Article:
Suppose that a change needs to be made to the circuitry of module 101, and this change is effected by changing the routing of certain conductors in the conductor layer m3. Changing the conductor track routing in the layer m3 requires that a new mask be made to create the desired routing. To reflect the change in the circuit module 101, it will also be desirable to change the module ID code. This is accomplished by changing the output of one or more of the cells 200 1-200 n which make up the ID module 101A. The IC according to the invention allows the necessary cell modifications of the ID module to be made in the same conductor layer (in this case layer 3) and with the same mask as used for making the change in the circuit module. This avoids the necessity of making more than one new mask. This is accomplished during manufacture of the IC by creating a discontinuity in one of the track portions of the serpentine conductor track SCT of the cell(s) which need to be modified. In the embodiment of FIG. 3B, the discontinuity is created to decouple the output I1 o of the first inverter from the input I2 i of the second inverter. Additionally, an end of the track portion in which the discontinuity is formed must also be coupled to the node A so that the input signal is provided to the input of the second inverter.
In FIG. 3(B), the track portion TC3 is provided with a discontinuity in the form of a gap G3. An end TC3 1 of track portion TC3 is coupled to the node A by providing a bridging conductor track BT3 which extends in the conductor layer 3 to the conductor track TA3 of node A from end TC3 1 (see FIG. 4(B)). The connections of tracks TA6, TB6 and TC6 remain physically the same (no change) but are shown in dashed lines to indicate that these conductor tracks no longer form the signal path. If the logic input signal is provided at the track TA6, the signal path then extends from track TA6, through vias VA5, VA4 through track TA3, bridging track BT3 to point TC3 1, via VC2, across track portion TC2, through via VC1 and back across track TC1 whose end C2 is coupled to the input of inverter 203. Thus, the cell 200 1 has been changed from the buffer configuration of FIG. 3(A); 4(A) to an inverter configuration.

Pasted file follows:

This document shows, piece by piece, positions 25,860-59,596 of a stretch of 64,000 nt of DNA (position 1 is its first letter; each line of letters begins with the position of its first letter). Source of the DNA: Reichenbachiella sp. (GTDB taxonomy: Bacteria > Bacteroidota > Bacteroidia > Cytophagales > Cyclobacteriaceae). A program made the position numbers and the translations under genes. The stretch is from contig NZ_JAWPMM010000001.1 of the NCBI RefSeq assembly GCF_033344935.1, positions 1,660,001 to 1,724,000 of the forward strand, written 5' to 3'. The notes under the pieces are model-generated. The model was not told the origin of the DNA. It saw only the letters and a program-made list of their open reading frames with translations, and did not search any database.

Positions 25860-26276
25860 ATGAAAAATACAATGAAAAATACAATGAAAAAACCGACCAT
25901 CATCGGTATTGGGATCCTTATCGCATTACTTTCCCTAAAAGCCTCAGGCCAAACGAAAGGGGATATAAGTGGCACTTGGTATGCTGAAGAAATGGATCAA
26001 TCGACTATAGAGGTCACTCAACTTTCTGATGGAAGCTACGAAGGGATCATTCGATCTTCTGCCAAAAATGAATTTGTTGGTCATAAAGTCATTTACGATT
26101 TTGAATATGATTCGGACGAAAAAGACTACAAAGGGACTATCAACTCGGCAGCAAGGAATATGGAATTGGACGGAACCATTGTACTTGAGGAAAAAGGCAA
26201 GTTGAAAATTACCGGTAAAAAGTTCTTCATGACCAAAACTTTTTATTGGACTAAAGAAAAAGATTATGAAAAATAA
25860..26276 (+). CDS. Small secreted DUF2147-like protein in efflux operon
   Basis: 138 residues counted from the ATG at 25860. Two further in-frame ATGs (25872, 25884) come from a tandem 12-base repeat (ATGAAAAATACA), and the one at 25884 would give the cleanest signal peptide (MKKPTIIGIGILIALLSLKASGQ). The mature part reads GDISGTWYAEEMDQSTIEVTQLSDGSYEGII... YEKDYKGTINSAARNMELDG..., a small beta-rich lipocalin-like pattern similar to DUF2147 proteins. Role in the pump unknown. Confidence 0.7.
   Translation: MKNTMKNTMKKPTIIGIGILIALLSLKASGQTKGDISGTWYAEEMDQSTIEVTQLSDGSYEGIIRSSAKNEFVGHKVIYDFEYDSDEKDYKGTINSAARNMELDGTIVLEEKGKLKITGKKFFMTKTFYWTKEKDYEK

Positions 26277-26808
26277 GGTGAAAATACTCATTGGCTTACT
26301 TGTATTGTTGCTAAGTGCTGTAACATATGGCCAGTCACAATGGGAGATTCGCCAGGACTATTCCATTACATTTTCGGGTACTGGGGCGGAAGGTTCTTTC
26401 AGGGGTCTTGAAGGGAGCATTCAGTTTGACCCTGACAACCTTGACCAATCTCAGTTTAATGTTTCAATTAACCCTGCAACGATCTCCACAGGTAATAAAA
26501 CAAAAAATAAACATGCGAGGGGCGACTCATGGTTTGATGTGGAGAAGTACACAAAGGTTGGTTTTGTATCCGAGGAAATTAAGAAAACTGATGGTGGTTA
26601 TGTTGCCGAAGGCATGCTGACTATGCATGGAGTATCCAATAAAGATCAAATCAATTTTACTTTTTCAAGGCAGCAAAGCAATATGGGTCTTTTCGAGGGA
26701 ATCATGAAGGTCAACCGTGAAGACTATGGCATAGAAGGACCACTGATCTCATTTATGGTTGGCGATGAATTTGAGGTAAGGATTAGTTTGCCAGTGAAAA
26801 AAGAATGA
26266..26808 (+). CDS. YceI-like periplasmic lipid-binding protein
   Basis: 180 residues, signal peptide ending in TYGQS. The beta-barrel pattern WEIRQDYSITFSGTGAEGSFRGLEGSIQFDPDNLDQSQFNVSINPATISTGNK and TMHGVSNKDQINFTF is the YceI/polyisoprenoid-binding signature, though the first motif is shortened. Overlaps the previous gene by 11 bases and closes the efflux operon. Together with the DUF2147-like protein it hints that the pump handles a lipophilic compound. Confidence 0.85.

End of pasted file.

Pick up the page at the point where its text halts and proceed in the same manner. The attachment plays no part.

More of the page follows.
FIGS. 3(C) and 4(C) show how a similar change can be made in the lowest conductor level m1 by providing a gap G1 in the track portion TC1 and by providing a bridging track BT1 in the same conductor level m1 around the first inverter from node A at track TA1 to end C2. In this case, the connection from node A essentially bypasses the track SCT.
FIGS. 3(D); 4(D) show an alternative embodiment in which the serpentine track SCT is used to bypass the second cell element, in this case inverter 203 1. In FIG. 3(D) a gap G5 is placed in the conductor track TC5, which disconnects the output of the inverter 201 1 from the input of inverter 203 1 The inverter 203 1 is bypassed by providing a bridging track BT5 in the same conductor level m5. Thus, the signal path extends from the node A through the inverter 201 1 across tracks TB1, TC1 and through via VC5 to point TC4 1, which point is coupled to node D via track BT5.
FIG. 4(E) similarly show the second inverter being bypassed, but with different signal routing from the output of the first inverter. In this case, the end C2 of the track SCT is coupled to the track TB1 and the end C1 is coupled to the input of the second inverter 203, which is the opposite of the previous embodiments. The end C1 of the serpentine conductor track is coupled to the output of the first inverter at the first conductor level m1 through the vias VB5, VB4, VB3, VB2, VB1. The point TC2 1 is coupled to the node D via a bridging track BT2 in the second conductor level.
The above embodiments illustrate the flexibility of the serpentine conductor track according to the invention. As long as one end is coupled to one circuit element at the first outermost conductor level and the other end is coupled to the other circuit element at the second, opposing outermost conductor level, then the serpentine track can be used to break the electrical coupling between the two devices in the outermost conductor levels and any intervening conductor levels. A bridging track can then be placed in the same conductor level to bypass either of the first and second circuit elements of the cell.